Results Management Office? You’ve Got To Be Kidding

Greetings Leaders!

There is a pretty interesting article at CIO Insight about Reinventing the PMO (read the article here). The general premise is that PMOs are good at delivering projects, but not so good at ensuring the project/product is actually what the business needs. Their recommendation – a Results Management Office (RMO). My response…. you’ve got to be kidding. This is insanity at best.

I just got through teaching a project management class over at CSUS. There are several areas I hit hard, and this is one of them. The course follows the basic PMI methodology… you know… Initiation, Planning, Execution & Control, and Closing. I add two bookends, Project Selection and Learning.

Project Selection

I always ask my students, is it the Project Manager’s (PM) responsibility to ensure the project makes sense? The response varies. My point…

If the project is not selected properly, the rest of what you do doesn’t matter.

The question is a fair one. Who is responsible for selecting the right projects at an organizational level? In my presentation The Curse of Project Management, I state that too much emphasis is focused on the project management team when it comes to project viability. Project selection should not be happening at the PM level and it if the organization is expecting the PM to ensure that the project fits the organization’s needs, it is in deep trouble. However, I do strongly believe that it is the PM’s responsibility to ask this question, and when in doubt, it should be elevated to an appropriate level.

Project selection starts with a clear vision and mission. This is set by the owner, President or CEO. If this is not clear… nothing else matters. If a clear vision exists, a viable project selection process needs to be established. I’m not talking about Portfolio Management. What needs to happen is the C-Suite, the Executive Team, needs to get its act together. Silos need to be broken down. Clear organizational objectives need to be established in a hard hitting, to the point, strategic plan. Too many times the Executive Team does a poor job of setting clear objectives for the rest of the organization, AND, leading them in accomplishing them.

I don’t think another bureaucratic layer called the RMO is going to solve the problem. It is only going to enter into conflict with the PMO, increase costs and muddy the water. The real problem with poor project selection lies with the leadership at the executive level. Let’s stop dancing around this problem and call it what it is.

Don’t establish an RMO…. when it comes to project selection and viability, invest some time in developing the Executive Team.

All the best!
All the time!

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2 thoughts on “Results Management Office? You’ve Got To Be Kidding”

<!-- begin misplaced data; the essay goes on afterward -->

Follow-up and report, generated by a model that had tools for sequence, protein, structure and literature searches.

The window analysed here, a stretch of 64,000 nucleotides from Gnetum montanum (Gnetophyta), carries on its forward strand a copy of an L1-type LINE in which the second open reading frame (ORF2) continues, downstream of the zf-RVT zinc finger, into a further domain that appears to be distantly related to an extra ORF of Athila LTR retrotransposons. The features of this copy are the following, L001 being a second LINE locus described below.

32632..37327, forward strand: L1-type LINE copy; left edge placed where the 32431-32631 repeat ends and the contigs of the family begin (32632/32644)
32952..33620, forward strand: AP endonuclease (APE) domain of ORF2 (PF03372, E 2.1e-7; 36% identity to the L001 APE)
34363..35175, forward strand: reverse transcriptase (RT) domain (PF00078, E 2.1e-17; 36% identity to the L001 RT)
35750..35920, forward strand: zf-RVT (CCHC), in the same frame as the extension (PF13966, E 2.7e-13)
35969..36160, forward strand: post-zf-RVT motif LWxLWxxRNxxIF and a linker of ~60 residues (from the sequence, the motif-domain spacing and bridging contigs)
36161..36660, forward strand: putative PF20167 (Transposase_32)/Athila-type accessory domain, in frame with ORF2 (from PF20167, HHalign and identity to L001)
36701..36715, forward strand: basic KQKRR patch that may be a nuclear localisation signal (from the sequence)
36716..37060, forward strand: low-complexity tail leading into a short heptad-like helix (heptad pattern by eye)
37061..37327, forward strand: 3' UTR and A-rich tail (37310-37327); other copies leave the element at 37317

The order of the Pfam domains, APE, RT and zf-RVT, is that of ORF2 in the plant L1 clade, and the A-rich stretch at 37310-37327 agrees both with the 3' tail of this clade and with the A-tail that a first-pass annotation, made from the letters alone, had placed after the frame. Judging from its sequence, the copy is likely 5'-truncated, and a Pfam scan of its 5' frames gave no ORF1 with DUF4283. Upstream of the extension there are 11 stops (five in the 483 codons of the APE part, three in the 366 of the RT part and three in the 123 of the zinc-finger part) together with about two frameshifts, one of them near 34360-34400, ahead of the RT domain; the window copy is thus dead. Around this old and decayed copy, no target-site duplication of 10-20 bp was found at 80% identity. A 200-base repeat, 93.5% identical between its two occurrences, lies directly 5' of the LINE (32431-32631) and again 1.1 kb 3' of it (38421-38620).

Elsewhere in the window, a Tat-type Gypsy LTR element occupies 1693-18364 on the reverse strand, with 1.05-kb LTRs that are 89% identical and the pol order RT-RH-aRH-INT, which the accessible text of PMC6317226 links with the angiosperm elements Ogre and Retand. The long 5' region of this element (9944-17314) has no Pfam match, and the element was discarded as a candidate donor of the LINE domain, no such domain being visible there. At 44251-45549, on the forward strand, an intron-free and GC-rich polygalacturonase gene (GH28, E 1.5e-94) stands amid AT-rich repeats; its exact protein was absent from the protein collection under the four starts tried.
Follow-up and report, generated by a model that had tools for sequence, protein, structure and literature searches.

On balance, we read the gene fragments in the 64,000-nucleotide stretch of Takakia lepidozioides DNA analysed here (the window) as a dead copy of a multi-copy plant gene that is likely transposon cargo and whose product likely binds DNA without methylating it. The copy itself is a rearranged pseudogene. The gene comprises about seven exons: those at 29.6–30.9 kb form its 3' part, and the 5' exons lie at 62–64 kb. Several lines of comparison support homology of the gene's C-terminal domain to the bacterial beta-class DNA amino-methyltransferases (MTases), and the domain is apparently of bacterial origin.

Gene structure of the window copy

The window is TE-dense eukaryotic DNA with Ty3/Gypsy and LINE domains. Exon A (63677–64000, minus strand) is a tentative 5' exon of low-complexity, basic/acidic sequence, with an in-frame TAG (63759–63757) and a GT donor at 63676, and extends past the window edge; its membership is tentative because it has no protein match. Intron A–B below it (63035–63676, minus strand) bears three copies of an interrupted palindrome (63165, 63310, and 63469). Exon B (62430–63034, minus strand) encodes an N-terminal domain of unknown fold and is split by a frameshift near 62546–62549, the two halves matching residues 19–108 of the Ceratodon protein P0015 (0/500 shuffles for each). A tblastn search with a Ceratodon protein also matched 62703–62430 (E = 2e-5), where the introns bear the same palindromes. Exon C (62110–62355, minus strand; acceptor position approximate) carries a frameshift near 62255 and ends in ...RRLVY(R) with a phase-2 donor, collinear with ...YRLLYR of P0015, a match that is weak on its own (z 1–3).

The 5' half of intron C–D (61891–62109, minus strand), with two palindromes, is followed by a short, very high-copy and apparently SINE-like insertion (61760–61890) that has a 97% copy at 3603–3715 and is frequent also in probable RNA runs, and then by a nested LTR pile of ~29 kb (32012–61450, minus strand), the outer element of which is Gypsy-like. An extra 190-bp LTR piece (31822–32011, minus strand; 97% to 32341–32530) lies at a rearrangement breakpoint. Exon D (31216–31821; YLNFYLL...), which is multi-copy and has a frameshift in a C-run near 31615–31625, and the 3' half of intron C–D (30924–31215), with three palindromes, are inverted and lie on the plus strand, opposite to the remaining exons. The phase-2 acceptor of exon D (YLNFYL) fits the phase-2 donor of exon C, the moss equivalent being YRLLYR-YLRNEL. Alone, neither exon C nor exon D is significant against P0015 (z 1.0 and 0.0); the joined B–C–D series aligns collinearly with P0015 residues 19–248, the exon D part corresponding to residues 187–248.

1. An RMO is not an addition to a PMO – it is meant to replace a traditional PMO. Results Management focuses more on coaching teams through a project to get results whereas a PMO traditionally acts as just the scorekeeper, watching over the progress or lack thereof on a project. Your article seems to be more of an objection against poor priotization and organizational alignment than it is a coherent analysis of RMOs. I would suggest spending more time understanding both PMOs and RMOs, rewriting your article to present an objective analysis, and more clearly articulating your points around organizational aligment in a separate post. I have found RMOs to be particularly useful in a number of engagements and much stronger than traditional PMOs. In any event, good luck – you have interesting thoughts that could come together nicely with additional analysis and revision.

  2. Thanks for stopping by!

    I appreciate your perspective and agree with it for the most part. My objection is in creating the RMO as a separate entity as an additional layer of bureaucracy. The functions of an RMO certainly need to happen… the question is where. If we replace the PMO with RMO, the risk will be that project are aligned but not executed. If we don’t add the RMO to the mix, the proven result is that projects may not be selected properly. What I am proposing or suggesting, is that the functions of both the RMO and the PMO need to be combined into a cohesive unit that does both. I haven’t read a case study on this, but I suspect the challenge would be to find the right blend of leadership to both strategically and tactically run an organzation’s projects.

    You seem very knowledgeable on a subject not many people have heard of. What do you do?

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